Sometimes you just need to leave. Though there are many things we can do to change our self-image and improve our resources to meet our demands, sometimes the environment possesses too many demands for us to cultivate enough resources to cope with it. If a school is toxic beyond your mental and physical capacity, you do not have to feel guilty to find a better place. It is okay to seek another campus or even profession. Though my goal is to support as many teachers as possible to stay within the profession, I care about people first. When you have exhausted all of your resources, sometimes you need to change the demands.

Conclusion

So, in the end, Sunday Scaries is deeper than just deciding not to work on Sunday, or getting all your work done before you go home. That dread of going to work may mean that you are burned out. By focusing on improving your physical and emotional resources, you can begin to make steps to take not only your Sunday back, but also your life. 

THANK YOU!

I am so grateful for you! You are needed and loved. I hope you have a beautiful day and remember Mind, Body, and THEN and only then Classroom. 

Sources

Camacho, D. A., Hoover, S. A., & Rosete, H. S. (2021). Burnout in urban teachers: The predictive role of supports and situational responses. Psychology in the Schools, 58(9), 1816–1831. https://doi.org/10.1002/pits.22561

Pedditzi, M. L., Nicotra, E. F., Nonnis, M., Grassi, P., & Cotrese, C. G. (2020). Teacher Stress and burnout: a study using MIMIC modelling. Electronic Journal of Applied Statistical Analysis, 13(03), 739–757. https://doi.org/10.1285/i20705948v13n3p739

Procedures: Different routines to think through BEFORE the beginning of the year.

Procedures: Different routines to think through BEFORE the beginning of the year.

Many of us are stepping into new roles this year. Whether it is our first year teaching at all, or our first year at a new school, or our first at a new grade level, being intentional at the beginning of the year, before you ever see a student, can save you so much time, and mental sanity throughout the entire year. The best piece of advice I got when starting my teaching career was to think out my procedures and make sure they are clear and intentional. After 7 years of secondary teaching, I have a list of student facing procedures that I revisit, and adjust each year to fit my context. I also revisit this list before the start of the second semester when students come back from winter break. I am sharing in hopes that it will act as a resource for you when you are starting your next school year!

  • Entering  the classroom
    • What noise level do you want them to be at? 
    • What do they do when they first walk in? 
    • Should they borrow their supplies before class? 
    • Where can they find the warmup? Where are you while all of this is happening?
  • Exiting the Classroom
    • What noise level do you want them to be at?
    • What needs to be done before the bell to make sure the room is ready for your next group of students? Ie: trash picked up from the floor, materials turned in etc.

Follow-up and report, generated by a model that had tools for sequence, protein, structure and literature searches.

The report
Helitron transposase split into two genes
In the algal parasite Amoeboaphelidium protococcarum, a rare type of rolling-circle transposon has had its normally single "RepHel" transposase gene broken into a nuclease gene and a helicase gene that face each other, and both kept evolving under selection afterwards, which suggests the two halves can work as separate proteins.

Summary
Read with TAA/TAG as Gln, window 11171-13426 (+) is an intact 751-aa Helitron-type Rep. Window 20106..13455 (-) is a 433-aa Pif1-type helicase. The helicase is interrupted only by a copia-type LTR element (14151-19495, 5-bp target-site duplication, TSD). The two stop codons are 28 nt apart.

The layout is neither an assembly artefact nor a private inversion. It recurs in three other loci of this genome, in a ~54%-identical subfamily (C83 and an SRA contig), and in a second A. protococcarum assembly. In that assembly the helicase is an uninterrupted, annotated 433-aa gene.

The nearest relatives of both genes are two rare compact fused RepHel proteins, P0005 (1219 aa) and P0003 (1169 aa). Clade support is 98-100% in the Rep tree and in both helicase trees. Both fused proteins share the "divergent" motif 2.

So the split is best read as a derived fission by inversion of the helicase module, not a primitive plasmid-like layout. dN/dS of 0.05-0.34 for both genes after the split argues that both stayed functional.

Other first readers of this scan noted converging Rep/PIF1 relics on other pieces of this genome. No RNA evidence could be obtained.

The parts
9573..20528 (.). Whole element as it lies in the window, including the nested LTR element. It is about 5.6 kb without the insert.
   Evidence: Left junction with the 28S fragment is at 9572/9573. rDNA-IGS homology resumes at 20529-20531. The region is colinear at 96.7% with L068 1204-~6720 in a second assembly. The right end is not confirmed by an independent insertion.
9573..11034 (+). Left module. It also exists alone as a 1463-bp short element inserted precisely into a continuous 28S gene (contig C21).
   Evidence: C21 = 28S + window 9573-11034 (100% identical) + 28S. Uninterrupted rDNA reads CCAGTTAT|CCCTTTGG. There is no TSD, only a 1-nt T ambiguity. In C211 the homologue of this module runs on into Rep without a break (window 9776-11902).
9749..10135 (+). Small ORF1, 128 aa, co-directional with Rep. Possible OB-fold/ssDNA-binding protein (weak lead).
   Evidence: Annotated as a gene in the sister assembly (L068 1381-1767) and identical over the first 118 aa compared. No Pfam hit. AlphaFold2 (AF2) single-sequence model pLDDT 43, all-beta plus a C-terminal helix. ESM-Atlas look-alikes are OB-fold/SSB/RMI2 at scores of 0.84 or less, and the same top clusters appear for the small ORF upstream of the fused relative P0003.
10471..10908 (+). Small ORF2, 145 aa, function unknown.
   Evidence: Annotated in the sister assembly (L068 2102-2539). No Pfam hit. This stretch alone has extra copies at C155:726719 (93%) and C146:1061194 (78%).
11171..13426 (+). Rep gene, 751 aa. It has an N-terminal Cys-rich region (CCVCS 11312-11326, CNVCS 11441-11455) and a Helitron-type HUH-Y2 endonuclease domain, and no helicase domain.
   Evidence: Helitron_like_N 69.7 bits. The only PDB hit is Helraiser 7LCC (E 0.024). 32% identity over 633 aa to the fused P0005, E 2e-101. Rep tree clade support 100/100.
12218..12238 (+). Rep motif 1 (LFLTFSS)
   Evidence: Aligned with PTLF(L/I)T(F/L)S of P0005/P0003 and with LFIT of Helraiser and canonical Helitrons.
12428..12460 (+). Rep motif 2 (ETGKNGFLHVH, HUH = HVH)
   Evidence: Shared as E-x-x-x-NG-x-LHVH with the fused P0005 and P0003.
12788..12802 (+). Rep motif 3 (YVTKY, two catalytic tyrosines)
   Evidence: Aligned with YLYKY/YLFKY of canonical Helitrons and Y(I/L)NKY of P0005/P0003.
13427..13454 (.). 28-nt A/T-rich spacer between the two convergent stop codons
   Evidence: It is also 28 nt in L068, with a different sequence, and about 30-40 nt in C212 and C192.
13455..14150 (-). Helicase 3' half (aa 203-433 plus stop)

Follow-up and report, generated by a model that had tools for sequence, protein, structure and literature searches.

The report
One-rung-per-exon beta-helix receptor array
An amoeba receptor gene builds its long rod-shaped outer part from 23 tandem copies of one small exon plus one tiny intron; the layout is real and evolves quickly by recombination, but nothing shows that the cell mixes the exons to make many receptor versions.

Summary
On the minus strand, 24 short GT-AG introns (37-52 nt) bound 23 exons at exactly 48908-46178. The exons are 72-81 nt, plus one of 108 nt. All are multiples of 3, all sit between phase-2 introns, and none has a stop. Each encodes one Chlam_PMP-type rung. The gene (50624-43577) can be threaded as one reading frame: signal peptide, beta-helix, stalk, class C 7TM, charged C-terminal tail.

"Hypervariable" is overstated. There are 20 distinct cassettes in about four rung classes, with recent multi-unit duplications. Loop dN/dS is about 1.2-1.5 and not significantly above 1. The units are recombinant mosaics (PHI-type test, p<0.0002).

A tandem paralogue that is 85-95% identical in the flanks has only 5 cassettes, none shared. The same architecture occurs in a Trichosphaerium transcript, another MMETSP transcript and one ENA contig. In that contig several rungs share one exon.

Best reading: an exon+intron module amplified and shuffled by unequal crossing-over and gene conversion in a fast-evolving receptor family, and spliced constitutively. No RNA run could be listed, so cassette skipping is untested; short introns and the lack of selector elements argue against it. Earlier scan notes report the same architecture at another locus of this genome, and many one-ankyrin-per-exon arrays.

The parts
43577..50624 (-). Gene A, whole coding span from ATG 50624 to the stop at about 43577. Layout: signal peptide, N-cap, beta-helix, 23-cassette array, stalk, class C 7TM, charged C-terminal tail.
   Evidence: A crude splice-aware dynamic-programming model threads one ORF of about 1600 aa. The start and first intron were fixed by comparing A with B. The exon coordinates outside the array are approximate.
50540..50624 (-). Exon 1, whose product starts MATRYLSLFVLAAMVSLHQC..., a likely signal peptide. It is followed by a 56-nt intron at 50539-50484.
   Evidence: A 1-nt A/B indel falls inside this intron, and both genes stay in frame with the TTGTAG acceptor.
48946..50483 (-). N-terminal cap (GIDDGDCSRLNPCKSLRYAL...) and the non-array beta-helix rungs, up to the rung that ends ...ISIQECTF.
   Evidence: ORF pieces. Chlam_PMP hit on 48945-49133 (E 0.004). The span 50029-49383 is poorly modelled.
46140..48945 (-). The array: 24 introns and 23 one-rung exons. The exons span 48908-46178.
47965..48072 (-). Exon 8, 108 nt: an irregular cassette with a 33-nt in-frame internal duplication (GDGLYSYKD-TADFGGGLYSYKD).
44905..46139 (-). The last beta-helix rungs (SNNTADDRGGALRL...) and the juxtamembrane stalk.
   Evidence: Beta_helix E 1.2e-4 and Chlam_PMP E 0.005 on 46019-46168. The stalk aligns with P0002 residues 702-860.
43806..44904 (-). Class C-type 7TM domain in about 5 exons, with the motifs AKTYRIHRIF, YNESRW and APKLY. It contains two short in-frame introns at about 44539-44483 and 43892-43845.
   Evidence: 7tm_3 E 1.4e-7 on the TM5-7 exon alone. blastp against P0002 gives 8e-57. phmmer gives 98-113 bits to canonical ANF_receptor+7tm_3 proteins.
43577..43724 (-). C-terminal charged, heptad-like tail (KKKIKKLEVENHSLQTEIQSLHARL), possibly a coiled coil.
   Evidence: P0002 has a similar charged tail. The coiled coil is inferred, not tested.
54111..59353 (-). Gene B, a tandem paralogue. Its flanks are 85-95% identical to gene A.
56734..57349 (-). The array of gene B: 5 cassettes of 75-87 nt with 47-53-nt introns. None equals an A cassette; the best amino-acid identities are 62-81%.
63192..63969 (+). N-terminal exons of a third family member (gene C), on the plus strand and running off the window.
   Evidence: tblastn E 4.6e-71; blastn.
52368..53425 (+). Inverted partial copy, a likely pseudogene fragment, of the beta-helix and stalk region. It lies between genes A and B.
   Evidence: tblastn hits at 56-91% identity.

• Are there daily deliveries that students need to return before they leave?
  • Bathroom Passes
    • In a perfect world, how often would you want to allow students to use the restroom?
    • How will you track restroom usage for documentation to identify patterns if need be?
    • Will a student helper be useful?
  • Borrowing supplies
    • Where in the room will the supplies be located?
    • How will students be held accountable for returning your supplies?
    • What time of the class period will you allow students to borrow the supplies?
    • Who will be in charge of making sure supplies are returned (maybe student helper?)
  • Late Work Policy
    • First, what is your district/campus policy on late work?
    • How will you go back and check late work? Will it be turned in in a different location?
    • How will students communicate special circumstances to you?
  • Turning in assignments
    • If you have paper assignments, where in the room will students turn in these assignments?
    • What time of the class period will students turn in assignments due? (before the bell ringer? Part of your exiting procedure?
  • Phones and technology
    • First, what is your school’s policy on cell phones?
    • Where will students store their devices durning you class. (I find that it is helpful for students to have options when it comes to their phones. I let students put it in their backpack, face DOWN on the top right hand corner of their desk, or in the lock box charging station)
    • What are the consequences for unauthorized use?
    • What are the rewards for responsible use?
  • Incentive System
    • What opportunities are you going to provide for students to gain positive feedback?
    • How are you going to track it?
    • Who is going to be in charge of tracking it?
  • Student Jobs
    • What opportunities are you going to have for students to share responsibility over their learning space?
    • How are you going to rotate the jobs for everyone to get an opportunity?
    • How are you going to hold students accountable for doing their job well?
    • Where in the room are you going to track who has what job for that week?

Thank you!

I hope that this is helpful, and I wish you the best for the upcoming school year. Remember mind, body, and then classroom. In that order 🙂

Journaling: What are the Benefits? What to Journal About? and How We Can Make it a Habit?

What do you do when you feel as if you cannot hold your emotions within you? When you are a cup, ill equipped to hold the volume of your feelings, and at any moment, it can all come spilling out creating a mess that would be more than a little inconvenient to clean? For me, the answer is I write it down. Since I was a child, I have loved to write, and very early on I realized that when I put my ideas into words, even if I was unclear when I started, by the time I finished, I would have more clarity than when I began. As an adult, I can add personal color to the widely accepted and research backed consensus that journaling can be life changing. When I post on my instagram story about my journal, I’ve had several people ask me how I journal and what I journal about. I am here to offer research, ideas, and resources for those who wish to know more and begin to journal. 

Preventing the Sunday Scaries

Sunday Scaries is deeper than just deciding not to work on Sunday, or getting all your work done before you go home. That dread of going to work may mean that you are burned out. By focusing on improving your physical and emotional resources, you can begin to make steps to take not only your Sunday back, but also your life.

How to Find True Rest

Thank you for reading, and I really hope this helps. I mean it when I say that being intentional about rest and fun has changed my perspective and outlook on life. I am hoping the same for you. You deserve to have joy and peace in your life. Until next time remember, mind, body, and then classroom. In that order.